Beauty giant will implement technology first for one of its brands in the Luxury Products division
L’Oréal, the world’s largest beauty brand, is paving the way for other cosmetics giants to up their environmental credentials with a new recycled cosmetics bottle made using enzymatic technology.
Developed by biotech solutions provider Carbios, the new bottles will first be adopted by the company’s Luxury Products brand Biotherm.
While still a few years away from entering production, with a launch date of 2025, the technology is compatible with all types of PET plastics including clear, coloured, opaque and multilayer materials, making them infinitely recyclable.
L’Oréal first joined forces with the fellow French firm in 2017 to co-found a consortium that brought Carbios’ biotech capabilities to the beauty market on an industrial scale.
Since then, the centenarian beauty business is said to have been working with the team to develop the PET-derived enzymatic recycling technology.
“This is a promising innovation for the years to come that demonstrates our commitment to bring to market more environmentally friendly packaging and which is part of a circularity initiative begun more than 15 years ago,” said Jacques Playe, L’Oréal’s Packaging and Development Director.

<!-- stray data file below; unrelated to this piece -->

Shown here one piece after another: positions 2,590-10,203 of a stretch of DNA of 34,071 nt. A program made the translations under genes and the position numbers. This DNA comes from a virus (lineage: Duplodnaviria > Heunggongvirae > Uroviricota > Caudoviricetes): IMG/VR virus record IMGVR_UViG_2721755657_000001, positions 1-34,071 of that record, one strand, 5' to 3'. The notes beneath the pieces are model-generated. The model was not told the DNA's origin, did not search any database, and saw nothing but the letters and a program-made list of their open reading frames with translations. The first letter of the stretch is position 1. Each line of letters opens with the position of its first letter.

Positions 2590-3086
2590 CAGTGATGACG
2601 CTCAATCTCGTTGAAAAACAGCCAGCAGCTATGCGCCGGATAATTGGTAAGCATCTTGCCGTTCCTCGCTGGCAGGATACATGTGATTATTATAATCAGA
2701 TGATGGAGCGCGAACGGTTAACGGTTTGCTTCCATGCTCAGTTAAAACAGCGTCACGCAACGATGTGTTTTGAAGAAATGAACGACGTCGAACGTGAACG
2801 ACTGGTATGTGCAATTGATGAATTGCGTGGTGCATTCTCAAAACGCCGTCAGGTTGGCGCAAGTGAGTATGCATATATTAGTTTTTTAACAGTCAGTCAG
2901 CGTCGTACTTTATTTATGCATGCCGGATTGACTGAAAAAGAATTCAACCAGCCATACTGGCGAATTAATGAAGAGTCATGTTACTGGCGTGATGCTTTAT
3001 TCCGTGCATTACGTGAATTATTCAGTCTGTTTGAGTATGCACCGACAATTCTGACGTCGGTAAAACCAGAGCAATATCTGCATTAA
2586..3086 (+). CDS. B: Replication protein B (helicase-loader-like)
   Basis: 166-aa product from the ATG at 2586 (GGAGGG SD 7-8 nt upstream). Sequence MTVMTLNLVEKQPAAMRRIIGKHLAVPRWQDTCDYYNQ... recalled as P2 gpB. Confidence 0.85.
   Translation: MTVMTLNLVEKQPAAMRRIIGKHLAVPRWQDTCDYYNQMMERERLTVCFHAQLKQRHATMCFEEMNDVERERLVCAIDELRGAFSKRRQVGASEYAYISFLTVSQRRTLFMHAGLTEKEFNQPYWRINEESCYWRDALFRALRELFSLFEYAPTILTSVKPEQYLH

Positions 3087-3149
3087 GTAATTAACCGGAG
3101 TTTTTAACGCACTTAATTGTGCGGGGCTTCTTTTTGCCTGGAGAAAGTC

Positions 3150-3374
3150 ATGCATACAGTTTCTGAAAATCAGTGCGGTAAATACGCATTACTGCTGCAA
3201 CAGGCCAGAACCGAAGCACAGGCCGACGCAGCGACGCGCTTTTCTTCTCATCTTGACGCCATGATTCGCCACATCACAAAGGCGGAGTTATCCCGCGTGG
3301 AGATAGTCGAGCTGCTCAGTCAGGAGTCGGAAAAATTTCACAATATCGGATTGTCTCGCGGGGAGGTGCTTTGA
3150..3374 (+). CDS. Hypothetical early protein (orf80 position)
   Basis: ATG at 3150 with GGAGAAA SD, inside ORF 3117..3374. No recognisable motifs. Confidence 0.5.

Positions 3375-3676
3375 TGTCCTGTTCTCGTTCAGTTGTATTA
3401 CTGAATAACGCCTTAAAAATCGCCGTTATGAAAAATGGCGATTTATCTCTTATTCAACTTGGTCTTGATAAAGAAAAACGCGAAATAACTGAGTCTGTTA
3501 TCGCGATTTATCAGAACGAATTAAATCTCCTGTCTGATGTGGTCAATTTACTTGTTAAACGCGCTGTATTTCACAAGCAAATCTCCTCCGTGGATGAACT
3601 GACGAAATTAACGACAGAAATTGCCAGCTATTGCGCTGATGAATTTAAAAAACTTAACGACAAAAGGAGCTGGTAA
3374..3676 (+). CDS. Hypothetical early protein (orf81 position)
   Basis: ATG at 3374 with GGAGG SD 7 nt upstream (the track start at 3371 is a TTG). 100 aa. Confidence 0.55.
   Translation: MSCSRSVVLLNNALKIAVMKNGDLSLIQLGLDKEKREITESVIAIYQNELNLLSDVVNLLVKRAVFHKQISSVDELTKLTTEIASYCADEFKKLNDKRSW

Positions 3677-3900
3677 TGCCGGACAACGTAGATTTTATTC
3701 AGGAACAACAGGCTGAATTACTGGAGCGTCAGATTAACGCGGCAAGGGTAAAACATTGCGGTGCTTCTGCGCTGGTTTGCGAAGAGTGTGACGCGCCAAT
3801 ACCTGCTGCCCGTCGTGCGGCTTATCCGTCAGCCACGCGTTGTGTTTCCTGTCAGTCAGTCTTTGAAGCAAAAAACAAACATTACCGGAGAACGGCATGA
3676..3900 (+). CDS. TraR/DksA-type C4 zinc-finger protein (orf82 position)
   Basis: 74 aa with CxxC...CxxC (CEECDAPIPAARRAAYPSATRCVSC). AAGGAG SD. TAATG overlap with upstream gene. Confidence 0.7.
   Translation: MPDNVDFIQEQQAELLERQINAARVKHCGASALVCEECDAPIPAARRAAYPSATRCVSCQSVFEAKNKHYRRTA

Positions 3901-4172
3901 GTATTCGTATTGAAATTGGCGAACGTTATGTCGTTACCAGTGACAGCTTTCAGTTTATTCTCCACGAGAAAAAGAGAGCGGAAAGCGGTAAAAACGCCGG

Biotherm’s Global Brand President, Giulio Bergamaschi, said that the decision to launch the technology with Biotherm was synonymous with the brand’s ethos.
“Biotherm is a pioneer in eco-responsible cosmetics and has put sustainable packaging and waste reduction at the centre of its strategy,” he noted.
“We are delighted to be the first beauty brand to realise a completely recycled bottle using plastic from Carbios’ disruptive technology.”
The innovation is a step in the right direction for L’Oréal to achieve its 2025 sustainability goals, which has been marketed under its ‘L’Oréal for the Future’ mantra.
In four years time, Jean-Paul Agon’s group is aiming to adopt plastic packaging that is refillable, reusable, recyclable or compostable across all of its brands, and by 2030 implement plastic packaging derived from recycled materials, or that are biosourced, ditching all virgin plastics from fossil fuels.